Homologous MOR desensitization has been reported in several different preparations (Kovoor et al., 1998; Borgland et al., 2003; Celver et al., 2004). In the present study, the hyperpolarization induced by an α2-adrenoceptor agonist was not reduced after MOR desensitization. Similar results have been reported in LC cells recorded in rat brain slices (Bailey et al., 2004; Dang and Williams, 2004) (but see Blanchet and Luscher, 2002). The simplest interpretation of the present results is that a 2–10 min application of an opioid agonist induced homologous desensitization at the receptor. It is possible, however, that desensitization results from a point beyond the receptor but not at the potassium channel. One possibility would be a depletion of G-proteins that are selectively activated by opioid receptors.
Desensitization and receptor trafficking
The mechanism underlying desensitization in LC neurons remains unclear but presumably involves receptor phosphorylation by G-protein-receptor kinases and translocation of β-arrestin (Gainetdinov et al., 2004). This sequence could result in a blockade of signaling without internalization, however, the binding of arrestin to the ligand/receptor complex is thought to proceed to endocytosis via clathrin-coated pits (Law and Loh, 1999; Ferguson, 2001; von Zastrow et al., 2003). The separation of internalization and desensitization has been reported for other G-protein-coupled receptors such as β2-adrenergic and neurokinin-1 receptors (Pippig et al., 1995; Bennett et al., 2002), but it has also been show that the desensitization of somatostatin and V1b vasopressin receptors requires internalization (Beaumont et al., 1998; Hassan and Mason, 2005). Although this sequence has been established in many heterologous systems, the role of this process in MOR signaling is the subject of some debate. One theory is that the removal of receptors from the plasma membrane by internalization decreases signaling, thus mediating desensitization (Whistler et al., 1999; Finn and Whistler, 2001). Other work suggests that receptor desensitization is augmented when receptors are not removed from the plasma membrane (Koch et al., 2005). Given the differences in results obtained in model systems and the fact that far less work has been done in primary neurons, it is not a surprise that the basic mechanisms underlying desensitization and receptor trafficking in neurons have not been completely characterized (Connor et al., 2004).
The ability to study receptor signaling on single neurons in the absence of internalization was made possible with the use of Derm-A594. The inhibition of G-protein-coupled receptor internalization with concanavalin A is well established (Xiang et al., 2002; Kim et al., 2004). In the present study, experiments using concanavalin A confirmed the absence of internalized Derm-A594. After blockade of internalization, Derm-A594 still caused a hyperpolarization that peaked and declined (desensitized) as in control. Thus, desensitization induced by Derm-A594, a compound that normally is efficient at causing internalization, is completely unaffected after the block of internalization. This experiment also showed that concanavalin A did not interrupt processes such as receptor binding, the coupling to G-proteins, the activation of potassium channels, or the α2-adrenoreceptor-dependent increase in potassium conductance. This observation confirms work done in AtT20 cells showing that morphine caused desensitization but was poor at inducing internalization (Borgland et al., 2003) and suggests that the desensitization caused by many, if not all, opioid agonists will proceed as normal under conditions where receptor trafficking is disrupted.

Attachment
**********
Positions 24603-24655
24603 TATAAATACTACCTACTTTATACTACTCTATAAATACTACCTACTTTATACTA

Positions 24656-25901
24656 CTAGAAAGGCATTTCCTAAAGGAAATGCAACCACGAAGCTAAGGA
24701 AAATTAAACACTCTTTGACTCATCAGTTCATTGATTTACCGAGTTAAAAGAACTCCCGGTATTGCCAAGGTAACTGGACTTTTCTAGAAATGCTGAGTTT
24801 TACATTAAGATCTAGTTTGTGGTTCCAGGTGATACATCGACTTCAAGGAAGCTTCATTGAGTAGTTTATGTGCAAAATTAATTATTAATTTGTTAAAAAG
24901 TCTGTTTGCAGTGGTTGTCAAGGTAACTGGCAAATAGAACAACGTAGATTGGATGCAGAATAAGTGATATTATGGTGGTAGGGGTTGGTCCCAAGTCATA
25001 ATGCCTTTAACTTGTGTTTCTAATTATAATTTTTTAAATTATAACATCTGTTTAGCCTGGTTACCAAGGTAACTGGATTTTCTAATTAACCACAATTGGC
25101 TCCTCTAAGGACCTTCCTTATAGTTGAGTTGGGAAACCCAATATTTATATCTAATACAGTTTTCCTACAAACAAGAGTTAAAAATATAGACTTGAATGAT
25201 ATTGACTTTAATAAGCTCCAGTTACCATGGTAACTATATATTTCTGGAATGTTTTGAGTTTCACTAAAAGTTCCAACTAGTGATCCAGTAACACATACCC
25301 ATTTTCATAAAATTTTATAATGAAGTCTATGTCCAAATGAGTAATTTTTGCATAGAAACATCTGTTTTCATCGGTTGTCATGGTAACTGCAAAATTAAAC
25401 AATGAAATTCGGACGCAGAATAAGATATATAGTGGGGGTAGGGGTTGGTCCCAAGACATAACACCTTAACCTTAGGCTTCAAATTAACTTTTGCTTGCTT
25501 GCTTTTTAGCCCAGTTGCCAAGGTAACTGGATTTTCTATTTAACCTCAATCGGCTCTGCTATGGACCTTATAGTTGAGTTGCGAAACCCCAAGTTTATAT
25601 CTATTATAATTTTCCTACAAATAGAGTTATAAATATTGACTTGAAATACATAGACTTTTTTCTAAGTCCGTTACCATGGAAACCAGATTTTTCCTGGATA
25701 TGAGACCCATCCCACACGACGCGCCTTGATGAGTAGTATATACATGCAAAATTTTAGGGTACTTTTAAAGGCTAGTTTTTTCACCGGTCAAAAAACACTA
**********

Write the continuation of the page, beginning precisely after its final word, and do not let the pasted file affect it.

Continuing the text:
Based on experiments done in HEK293 cells expressing epitope-tagged MORs where the recycling of receptors was blocked with monensin, desensitization induced by DAMGO ([d-Ala2, N-Me-Phe4, glycinol5] enkephalin) was increased, whereas that induced by morphine was not affected (Koch et al., 2005). Treatment of brain slices with monensin also increased the degree of desensitization to both ME and an active metabolite of morphine, morphine-6-β-d-glucuronide (Dang and Williams, 2004). It was concluded that internalization plays a role in recovery from desensitization rather than desensitization itself. The present results show that both the onset and recovery from desensitization occurred in preparations where receptor trafficking was blocked with concanavalin A. This observation suggests that the role of receptor endocytosis and recycling is not the only mechanism responsible for either the initial desensitization or recovery. This does not rule out an action on the prolonged recovery from desensitization seen after chronic morphine treatment (Dang and Williams, 2004). It is equally possible that redundant pathways mediate acute desensitization and blocking one mechanism has little effect on the decrease in downstream signaling.
This work was supported by National Institutes of Health Grants DA016627 (S.A.) and DA08163 (M.T., J.T.W.) and by the National Alliance for Research on Schizophrenia and Depression (J.T.W.). M.T. was also supported in part by a postdoctoral fellowship from the Basque Government. We thank Charles Jimenez for producing the fluorescent peptides. We thank Drs. Shane Hentges and Susan Ingram for their advice for primary culture techniques and Heather Dought and Terri Vermillion for animal care. We are also grateful to Dr. Susan Amara for the use of the confocal microscope.
↵*S.A. and M.T. contributed equally to this work.
- Correspondence should be addressed to John T. Williams, Vollum Institute, Oregon Health and Science University, 3181 Southwest Sam Jackson Park Road, Portland, OR 97239. Email: